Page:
[box cover]

Memento: Limited Edition

Columbia TriStar Home Entertainment

Starring Guy Pearce, Carrie-Anne Moss, and Joe Pantoliano

Written by Christopher Nolan,
from a screen story by Jonathan Nolan

Directed by Christopher Nolan

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Review by D.K. Holm                    

Now…Where Was I?

Regular readers of The DVD Journal and fans of Memento — not just one of the best films of 2001, but one of the best films ever — will recall that we anticipated a deluxe DVD package somewhere down the road, perhaps in October of 2002. Well, in the accelerated world of DVD distribution, that day has arrived in May of 2002.

But sadly, the responsible critic must staunch his enthusiasm and admit that, though Memento is still great, this new "Limited Edition" two-disc set is something of a disaster. First, the extras aren't all that special; secondly, getting to them through the complicated, Easter egg-strewn menu renders them even less so.

This is a Test?

Let's talk about menus and extras and Easter eggs for a second. Easter eggs are a carryover from the world of computer programming. They were invented to give geeks something interesting to find on their new Macintosh, for example. With the advent of commercial DVD in 1997, Easter eggs were introduced as a selling point. The most famous Easter egg is probably found on the Matrix disc, if only because that is one of the top-selling DVDs ever. One of the most interesting Easter eggs is found on the Bedazzled DVD, in which a lengthy scene cut from the film is restored to the disc.

But most Easter eggs are annoying as all hell. It's a cruel game invented by marketing folks apparently to slake their sadistic contempt for consumers, and the feature is embraced by industry distribution suits who don't understand public needs. Here is my position: If you've got something to show me on your DVD, then just show it to me. I personally watch anywhere from two to eight new DVDs a week — I don't have time to play games. And I will admit over the past several months that my irritation over Easter eggs has turned into seething, blind, white-hot rage.

You Don't Have to Remember to be Hungry

The same goes for menus. Take Fox's From Hell DVD release. It's not a bad movie for a two-disc set, but it has a menu that takes a long time to get revved up and present the menu choices, and is written in a typeface that is virtually unreadable from a distance of more than one foot from the screen.

Shouldn't Make Fun of Someone's Handicap

The menus for Memento: Limited Edition are a nightmare. Complicated, time-consuming, and irritating, they presumably are designed to put the consumer "in the mood" for the movie by recreating a little bit of main character Leonard Shelby's life, as presented in the short story and on the Web site, and alluded to in the movie. But I don't need to be put into the "mood" of a film. I bought the damn thing, so obviously I want to watch it. It's a bizarre form of advertising for a object that has already been purchased. Hey, you had me at Hello. Frankly, I think we should let the movie do this, not the support apparatus. But more about the Memento: Limited Edition menus later.

Lemme Take You Down in the Basement and Show You What You've Become

Finally, there is the issue of extras. Yes, supplementary material was one of the selling points of early DVDs, adapting the marketing philosophy of Laserdiscs. But in the last several weeks this writer has seen no less than five double-disc sets. I don't object to the supplements, but I do object to time-wasting, boring, irrelevant supplements that truly to not add anything to one's enjoyment of the movie and which simply rehash EPKs and promotional specials on television. My streamlined standard for judging a film is, more or less: Will I ever want to watch it again? And that's the whole point of DVDs — to assemble a collection of movies that you want to return to again and again.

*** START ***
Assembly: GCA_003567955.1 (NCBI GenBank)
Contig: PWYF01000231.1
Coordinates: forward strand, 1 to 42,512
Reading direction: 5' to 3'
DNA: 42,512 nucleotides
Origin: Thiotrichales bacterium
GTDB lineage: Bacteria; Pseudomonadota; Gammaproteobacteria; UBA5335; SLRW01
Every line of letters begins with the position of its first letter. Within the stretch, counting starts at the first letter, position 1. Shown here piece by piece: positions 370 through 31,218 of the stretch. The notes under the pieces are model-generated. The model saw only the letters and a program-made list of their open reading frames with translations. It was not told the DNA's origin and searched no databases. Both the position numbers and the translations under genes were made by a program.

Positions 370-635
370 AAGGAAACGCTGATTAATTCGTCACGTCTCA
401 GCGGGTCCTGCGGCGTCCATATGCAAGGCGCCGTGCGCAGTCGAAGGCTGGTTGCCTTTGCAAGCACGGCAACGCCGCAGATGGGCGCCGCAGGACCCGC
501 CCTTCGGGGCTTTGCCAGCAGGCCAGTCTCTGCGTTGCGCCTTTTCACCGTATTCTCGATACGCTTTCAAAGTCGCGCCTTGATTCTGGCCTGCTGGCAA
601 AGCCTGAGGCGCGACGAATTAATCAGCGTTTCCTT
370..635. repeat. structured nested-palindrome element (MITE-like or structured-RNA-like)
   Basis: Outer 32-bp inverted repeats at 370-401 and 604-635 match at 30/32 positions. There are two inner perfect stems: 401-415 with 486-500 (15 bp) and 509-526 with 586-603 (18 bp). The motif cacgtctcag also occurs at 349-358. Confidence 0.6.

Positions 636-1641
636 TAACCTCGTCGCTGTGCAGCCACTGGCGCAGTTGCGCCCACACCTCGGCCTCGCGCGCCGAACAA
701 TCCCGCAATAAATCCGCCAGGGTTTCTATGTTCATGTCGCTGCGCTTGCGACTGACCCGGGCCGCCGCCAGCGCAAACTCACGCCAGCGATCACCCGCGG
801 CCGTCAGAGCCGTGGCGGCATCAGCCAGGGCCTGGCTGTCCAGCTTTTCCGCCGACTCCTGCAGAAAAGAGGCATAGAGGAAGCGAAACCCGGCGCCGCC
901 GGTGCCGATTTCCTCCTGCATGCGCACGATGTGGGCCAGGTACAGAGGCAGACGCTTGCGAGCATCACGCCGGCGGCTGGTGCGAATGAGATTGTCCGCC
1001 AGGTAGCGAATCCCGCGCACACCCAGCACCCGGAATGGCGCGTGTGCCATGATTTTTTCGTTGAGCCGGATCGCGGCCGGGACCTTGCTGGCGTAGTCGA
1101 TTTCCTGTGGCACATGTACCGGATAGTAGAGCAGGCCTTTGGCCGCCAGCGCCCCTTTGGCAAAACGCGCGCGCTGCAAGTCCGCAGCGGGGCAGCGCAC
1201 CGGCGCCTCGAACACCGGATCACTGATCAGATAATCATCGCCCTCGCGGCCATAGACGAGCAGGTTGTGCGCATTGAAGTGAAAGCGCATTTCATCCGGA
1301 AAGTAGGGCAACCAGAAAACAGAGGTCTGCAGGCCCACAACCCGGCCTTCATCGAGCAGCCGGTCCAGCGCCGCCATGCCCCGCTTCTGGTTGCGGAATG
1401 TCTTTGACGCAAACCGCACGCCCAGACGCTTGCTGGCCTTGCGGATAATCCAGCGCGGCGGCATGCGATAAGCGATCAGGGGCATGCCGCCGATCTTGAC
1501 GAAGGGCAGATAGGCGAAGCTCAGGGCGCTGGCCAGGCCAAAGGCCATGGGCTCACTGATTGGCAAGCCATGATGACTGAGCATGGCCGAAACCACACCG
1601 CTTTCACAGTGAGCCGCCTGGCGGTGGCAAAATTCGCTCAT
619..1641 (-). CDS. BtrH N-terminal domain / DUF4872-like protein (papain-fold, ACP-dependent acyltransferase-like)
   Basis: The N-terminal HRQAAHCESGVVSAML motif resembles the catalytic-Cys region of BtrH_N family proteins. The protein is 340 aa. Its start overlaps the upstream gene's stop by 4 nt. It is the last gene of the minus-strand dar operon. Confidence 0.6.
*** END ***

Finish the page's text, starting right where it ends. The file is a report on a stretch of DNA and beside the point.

But if the standard for movies is re-watchability, then the standard for extras should be close to that as well. More a research tool than an entertainment forum, a commentary track or a "making-of" doc should also be the very best that its makers can come up with, so that the viewer is tempted to revisit them as part of a superior package of material celebrating a beloved work of art. Given how complicated the Memento: Limited Edition menus happen to be, it feels really not worth it when you finally get to the second disc's menu, and all there is are a bunch of photos and a couple of documentaries and documents.

I Know the Feel of the World

Here's what was on the original Columbia TriStar Memento release: Dolby Digital 5.1 (English), Dolby 2.0 Surround (English), English and Spanish subtitles, closed-captioning, a 30-minute interview with Christopher Nolan from the IFC Channel conducted by New York Times movie reviewer Elvis Mitchell, the complete contents of the official website (www.otnemem.com) in slide-show format, the text of Jonathan Nolan's original short story, the theatrical trailer and TV spots, plus a trailer for Christopher Nolan's Following (later released by Columbia TriStar on disc), a brief "tattoo gallery," and brief director and cast biographies.

None of the extras from that disc are on the new two disc set.

Well, actually one is — the short story. But like everything else on this disc, it's hard to find (this reviewer never did stumble upon it, plus, in a act of Sammy Jankis-style self-destruction, lost a copy of the previous Memento disc somewhere inside or outside the apartment while writing this review).

On the whole, what we have on Memento: Limited Edition is a mix of very good features (Nolan's commentary track) and time-wasters (foreign posters and promotional materials that don't look all that good reduced to the size of a TV screen). In brief, the supplements on this two-disc set include an audio commentary by Nolan, a "The Making of a Scene" episode from the Sundance Channel, production stills, two trailers, the short story again, script-to-screen multi-angle, Leonard Shelby's hospital diary, production stills, sketches, and a portion of the movie in chronological order. All hidden under that damn menu that makes the consumer fight to get at the material he or she has paid for. Memento: Limited Edition is a watershed in DVD distribution: It's all Easter eggs.